UNITED STATES DISTRICT COURT CENTRAL DISTRICT OF ILLINOIS
August 24, 2006
DAVID TAYLOR, PLAINTIFF,
FRED SINKHORN AND THOMAS BOESDORFER,*FN1 DEFENDANTS.
The opinion of the court was delivered by: Harold A. Baker United States District Judge
Before the Court is the defendants' motion for summary judgment, which is denied for the reasons below.
Summary Judgment Standard
A party moving for summary judgment must show, from the "pleadings, depositions, answers to interrogatories, and admissions on file, together with the affidavits, if any, . . ." that there is no genuine issue of material fact and that the "moving party is entitled to judgment as a matter of law. Outlaw v. Newkirk, 259 F.3d 833, 837 (7th Cir. 2001), citing Celotex Corp. v. Catrett, 477 U.S. 317, 322 (1986);Fed. R. Civ. P.56©. This burden can be satisfied by "'showing'--that is, pointing out to the district court--that there is an absence of evidence to support the nonmoving party's case." Celotex, 477 U.S. at 325. If such a showing is made, the burden shifts to the non-movant to "set forth specific facts showing that there is a genuine issue for trial." Fed. R. Civ. P. 56(e); Outlaw, 259 F.3d at 837. Credibility questions "defeat summary judgment only '[w]here an issue as to a material fact cannot be resolved without observation of the demeanor of witnesses in order to evaluate their credibility.'" Outlaw, 259 F.3d at 838, citing Advisory Committee Notes, 1963 Amendment to Fed. R. Civ. P. 56(e)(other citations omitted).
In determining whether factual issues exist, the court must view all the evidence in the light most favorable to the non-moving party. Beraha v. Baxter Health Corp., 956 F.2d 1436, 1440 (7th Cir. 1992). The question is " . . . whether a fair-minded jury could return a verdict for the plaintiff on the evidence presented." Anderson v. Liberty Lobby, Inc., 477 U.S. 242, 252 (1986).
1. The plaintiff was incarcerated at Logan Correctional Center at all relevant times.
2. The plaintiff filed a grievance on April 30, 2003, complaining that defendant Sinkhorn had transferred the plaintiff from his job in the employee dining room side to the inmate dining side (a less preferable position). According to the plaintiff, Sinkhorn had improperly believed false accusations by other inmates that the plaintiff was not doing his work. (d/e 26, Ex. 1-A). The plaintiff requested reinstatement to his officer dining room position. The grievance was answered on June 4, 2003, with the response:
Inmate claims that he was removed from staff side dietary job by CCFS 2 Sinkhorn for allegations of [illegible] staff sides food. Inmate claims that this was at the word of another inmate and believes that this was not a good reason. Inmate job placement is not a right, inmates may be moved from job to job per need or staff concern. CFSS 2 Tribbett claims that he was the staff member that had inmate Taylor removed from the staff side of the dietary due to not completing ordered work since he was eating.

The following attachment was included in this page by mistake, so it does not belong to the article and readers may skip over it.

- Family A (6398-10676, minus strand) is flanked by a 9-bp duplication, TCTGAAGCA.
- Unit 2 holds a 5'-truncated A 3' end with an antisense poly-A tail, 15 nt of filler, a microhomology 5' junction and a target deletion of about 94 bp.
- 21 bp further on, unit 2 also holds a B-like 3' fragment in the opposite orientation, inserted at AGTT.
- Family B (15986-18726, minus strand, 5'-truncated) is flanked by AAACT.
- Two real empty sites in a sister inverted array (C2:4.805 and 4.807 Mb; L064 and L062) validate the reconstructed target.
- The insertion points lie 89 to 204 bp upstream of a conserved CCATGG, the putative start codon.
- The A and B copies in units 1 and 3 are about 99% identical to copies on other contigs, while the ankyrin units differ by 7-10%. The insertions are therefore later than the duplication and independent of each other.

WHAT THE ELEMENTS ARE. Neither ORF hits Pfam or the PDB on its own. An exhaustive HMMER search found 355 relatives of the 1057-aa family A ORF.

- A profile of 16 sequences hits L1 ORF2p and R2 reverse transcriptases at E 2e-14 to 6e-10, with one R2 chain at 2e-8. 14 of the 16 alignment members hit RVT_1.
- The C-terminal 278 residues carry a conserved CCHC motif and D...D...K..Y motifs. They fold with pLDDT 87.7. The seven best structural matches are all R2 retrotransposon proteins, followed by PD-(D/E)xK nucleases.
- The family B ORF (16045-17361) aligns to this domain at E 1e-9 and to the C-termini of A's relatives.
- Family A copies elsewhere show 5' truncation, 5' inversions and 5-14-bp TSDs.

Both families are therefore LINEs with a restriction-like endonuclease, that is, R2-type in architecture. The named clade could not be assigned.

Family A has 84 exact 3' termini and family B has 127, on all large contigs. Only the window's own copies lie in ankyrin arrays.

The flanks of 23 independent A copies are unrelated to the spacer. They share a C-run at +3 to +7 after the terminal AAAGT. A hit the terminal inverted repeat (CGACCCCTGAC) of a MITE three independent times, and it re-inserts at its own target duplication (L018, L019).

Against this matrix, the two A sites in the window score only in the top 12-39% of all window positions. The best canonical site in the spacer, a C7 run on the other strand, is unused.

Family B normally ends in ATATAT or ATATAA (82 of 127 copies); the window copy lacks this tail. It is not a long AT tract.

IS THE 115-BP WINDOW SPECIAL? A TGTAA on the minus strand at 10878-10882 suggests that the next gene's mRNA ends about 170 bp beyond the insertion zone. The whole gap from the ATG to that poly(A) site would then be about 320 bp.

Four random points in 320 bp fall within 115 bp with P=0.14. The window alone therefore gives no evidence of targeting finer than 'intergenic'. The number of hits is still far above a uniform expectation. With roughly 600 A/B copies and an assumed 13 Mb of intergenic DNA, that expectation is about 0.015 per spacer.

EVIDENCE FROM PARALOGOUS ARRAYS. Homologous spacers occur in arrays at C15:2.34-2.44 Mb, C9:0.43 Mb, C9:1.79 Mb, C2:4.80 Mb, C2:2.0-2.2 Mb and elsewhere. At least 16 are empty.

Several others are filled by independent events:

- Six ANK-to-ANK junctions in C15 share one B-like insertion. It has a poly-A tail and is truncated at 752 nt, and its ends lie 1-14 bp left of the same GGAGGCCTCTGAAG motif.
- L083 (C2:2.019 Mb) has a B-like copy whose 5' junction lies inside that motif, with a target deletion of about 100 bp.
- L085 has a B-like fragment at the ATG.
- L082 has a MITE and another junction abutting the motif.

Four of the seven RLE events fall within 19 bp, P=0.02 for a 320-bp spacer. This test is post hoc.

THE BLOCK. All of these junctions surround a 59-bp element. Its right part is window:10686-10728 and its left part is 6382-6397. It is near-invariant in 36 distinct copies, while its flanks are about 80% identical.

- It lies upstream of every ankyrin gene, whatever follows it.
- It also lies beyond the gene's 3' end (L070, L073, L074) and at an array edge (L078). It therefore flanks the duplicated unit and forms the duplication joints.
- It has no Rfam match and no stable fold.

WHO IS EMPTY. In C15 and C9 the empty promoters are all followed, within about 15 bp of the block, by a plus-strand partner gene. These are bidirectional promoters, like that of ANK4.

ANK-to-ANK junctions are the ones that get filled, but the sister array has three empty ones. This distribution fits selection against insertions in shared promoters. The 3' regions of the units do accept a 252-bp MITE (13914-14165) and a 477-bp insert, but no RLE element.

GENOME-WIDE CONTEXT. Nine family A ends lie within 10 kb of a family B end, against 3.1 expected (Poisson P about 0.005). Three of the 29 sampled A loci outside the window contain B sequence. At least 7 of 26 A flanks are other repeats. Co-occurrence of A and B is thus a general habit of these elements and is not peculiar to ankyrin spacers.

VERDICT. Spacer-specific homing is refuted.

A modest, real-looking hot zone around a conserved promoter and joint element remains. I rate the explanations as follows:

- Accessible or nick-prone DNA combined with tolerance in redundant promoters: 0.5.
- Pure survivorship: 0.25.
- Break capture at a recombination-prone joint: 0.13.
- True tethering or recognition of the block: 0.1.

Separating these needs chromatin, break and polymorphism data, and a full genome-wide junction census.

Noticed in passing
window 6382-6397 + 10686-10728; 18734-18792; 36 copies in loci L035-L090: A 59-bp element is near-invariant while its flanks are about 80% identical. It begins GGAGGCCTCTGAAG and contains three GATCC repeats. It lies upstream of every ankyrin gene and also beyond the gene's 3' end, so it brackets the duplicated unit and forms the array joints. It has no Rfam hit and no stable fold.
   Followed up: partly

(Def. Ex. 1-A). The grievance officer recommended denial of the grievance and the Warden concurred in this recommendation on June 9, 2003, adding a comment, "Copy to be forwarded to Ms. Tanner for her information."
3. The plaintiff avers that, "several days after submitting the grievance, I was transferred back to the inmate dining area expecting a decrease in monthly pay to $20.00 [down from $30.00]." (d/e 35, Plaintiff's Aff. ¶7).*fn2 The plaintiff avers he "signed an intra-dietary tranfer[sic]/referral form initiated by defendant Sinkhorn" that transferred the plaintiff to the inmate dining area and reduced his pay. (Plaintiff Aff. ¶ 36). The plaintiff says he immediately requested another transfer to "Dietary I dept.", apparently in order to avoid Sinkhorn's shift and to continue receiving the higher $30.00 salary. He says his request was approved on or about May 16, 2003. ( Id. at ¶ 8; Complaint, p.2).
4. After his request was granted, the plaintiff worked in Dietary I under the supervision of "CFSSII" Jones. (Plaintiff's Aff. ¶ 9).
5. On July 27, 2003, Supervisor Jones was absent, so Sinkhorn filled in as temporary supervisor over the plaintiff that day.